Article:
With "Bobs" and Krüger/Chapter 25

With "Bobs" and Krüger by Frederic William Unger
CHAPTER XXV. Two other Americans -- Captain Slocum, United States Attache, and Burnham, the Scout

Unger writes about his meeting with fellow America Author:Frederick Russell Burnham during the Boer War.


A FAVORITE headquarters for the few Americans connected with the Imperial army was the house of the military attaches, where Captain Slocum, of the United States army, occupied the best rooms, and there received such of his fellow-countrymen as were fortunate enough to know him. I dropped in on him one afternoon to listen to the refreshing music of the American accent, and shortly afterward Burnham, the American scout, came in also. After introducing us, Captain Slocum reached over to his desk and took up a small bundle of pamphlets, saying, " Boys, I have had something sent to me from the States—three complete sets of ' Billy Baxter's Letters.' They're overflowing with breezy American slang and humor; they're very funny. I want to give each of you a set and keep one for myself. Take them home with you, read them to-night, and then, when you come again, we can laugh together over them. There's no use of my reading or giving them to any of these Englishmen, for they're not familiar with our idioms ; American humor is a bit beyond them, too. I've been fairly starving for some one to enjoy these things with." I took my copies, and offer as a free advertisement right here to the publisher of " Billy Baxter's Letters " that they were as a draught of cold water in a parching desert to me and half a dozen other Americans, with whom I enjoyed them repeatedly. Yes, Captain Slocum was right: " Boys, they're simply great."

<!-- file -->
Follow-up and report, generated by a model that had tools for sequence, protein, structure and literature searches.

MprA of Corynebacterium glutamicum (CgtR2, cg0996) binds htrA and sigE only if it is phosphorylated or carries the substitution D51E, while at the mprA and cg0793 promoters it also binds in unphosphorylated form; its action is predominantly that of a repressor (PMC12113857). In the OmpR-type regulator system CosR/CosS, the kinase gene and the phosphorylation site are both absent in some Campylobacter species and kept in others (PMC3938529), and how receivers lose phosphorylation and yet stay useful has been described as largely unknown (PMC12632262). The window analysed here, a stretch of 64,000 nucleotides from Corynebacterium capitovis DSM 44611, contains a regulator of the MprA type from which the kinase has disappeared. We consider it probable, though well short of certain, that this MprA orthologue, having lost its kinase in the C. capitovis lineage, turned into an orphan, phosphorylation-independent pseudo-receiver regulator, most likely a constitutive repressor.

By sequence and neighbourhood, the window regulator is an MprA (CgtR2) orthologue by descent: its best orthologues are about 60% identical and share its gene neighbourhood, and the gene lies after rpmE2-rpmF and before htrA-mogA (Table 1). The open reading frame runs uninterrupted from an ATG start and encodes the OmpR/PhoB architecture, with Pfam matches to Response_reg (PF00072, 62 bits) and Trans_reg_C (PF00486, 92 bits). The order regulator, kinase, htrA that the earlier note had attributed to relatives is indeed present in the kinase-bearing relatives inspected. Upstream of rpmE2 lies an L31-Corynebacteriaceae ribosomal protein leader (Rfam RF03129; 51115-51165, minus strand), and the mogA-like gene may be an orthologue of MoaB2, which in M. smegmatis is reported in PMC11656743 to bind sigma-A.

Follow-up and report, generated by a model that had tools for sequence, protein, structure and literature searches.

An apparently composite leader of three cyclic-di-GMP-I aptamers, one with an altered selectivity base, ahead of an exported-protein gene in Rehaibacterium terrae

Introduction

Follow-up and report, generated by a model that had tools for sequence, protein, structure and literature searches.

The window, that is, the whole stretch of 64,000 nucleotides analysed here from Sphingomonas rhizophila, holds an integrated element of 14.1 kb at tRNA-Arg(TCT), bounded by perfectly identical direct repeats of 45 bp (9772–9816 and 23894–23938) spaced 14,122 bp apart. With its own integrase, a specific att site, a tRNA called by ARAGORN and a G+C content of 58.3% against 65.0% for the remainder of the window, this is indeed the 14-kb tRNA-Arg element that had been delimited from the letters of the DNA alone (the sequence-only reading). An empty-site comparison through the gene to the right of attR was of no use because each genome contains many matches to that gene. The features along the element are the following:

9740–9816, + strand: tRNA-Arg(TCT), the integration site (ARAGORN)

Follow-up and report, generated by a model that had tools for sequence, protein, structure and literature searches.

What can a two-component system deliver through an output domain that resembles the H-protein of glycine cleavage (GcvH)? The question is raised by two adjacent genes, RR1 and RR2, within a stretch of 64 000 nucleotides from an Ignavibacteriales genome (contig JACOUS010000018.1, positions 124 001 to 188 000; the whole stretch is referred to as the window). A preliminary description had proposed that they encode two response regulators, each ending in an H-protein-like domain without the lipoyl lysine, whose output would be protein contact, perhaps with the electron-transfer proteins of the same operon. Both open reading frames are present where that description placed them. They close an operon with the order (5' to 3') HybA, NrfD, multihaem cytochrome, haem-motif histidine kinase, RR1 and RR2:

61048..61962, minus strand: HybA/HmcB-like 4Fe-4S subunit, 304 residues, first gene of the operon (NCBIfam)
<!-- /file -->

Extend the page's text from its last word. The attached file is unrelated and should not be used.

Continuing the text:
Thus introduced, I came to know Burnham very well. Our mutual experience of the Klondyke fields was a strong bond of sympathy. He had left French Gulch, twenty-five miles northeast of Dawson City, solely to volunteer his services to Lord Roberts. Burnham had spent some years in South Africa before, and was therefore familiar with the country. He received an appointment on the Field Marshal's staff. During Broadwood's retreat from Th' Banchu, while the fighting was still in progress, Burnham conceived the idea of going out to see the affair. Galloping off, he arrived just in time to be a witness of the Koornspruit disaster. He at once decided to allow himself to be captured, with the idea of acquiring some information from the burghers, and afterward escaping to the British lines. So he quietly rode into the enemy's hands and surrendered himself.

Several days later, while the Boer column was halting at noonday, another prisoner, an English officer, walked up to Burnham, who had concealed his identity, and called him by name. Commandant De Wet (of whom all the world now knows) was lying on the ground under a wagon near by, within earshot. So Burnham tried to make the officer understand, by signs, to be quiet, saying at the same time, coldly, " You arc mistaken ; that's not my name ; I don't know you." The idiotic officer could not understand; he thought Burnham was joking ; so he laughed and said, " Oh, yes, I know you quite well ; you are Burnham, Lord Roberts' Chief of Scouts. "At this, De Wet sprang up excitedly, crying,"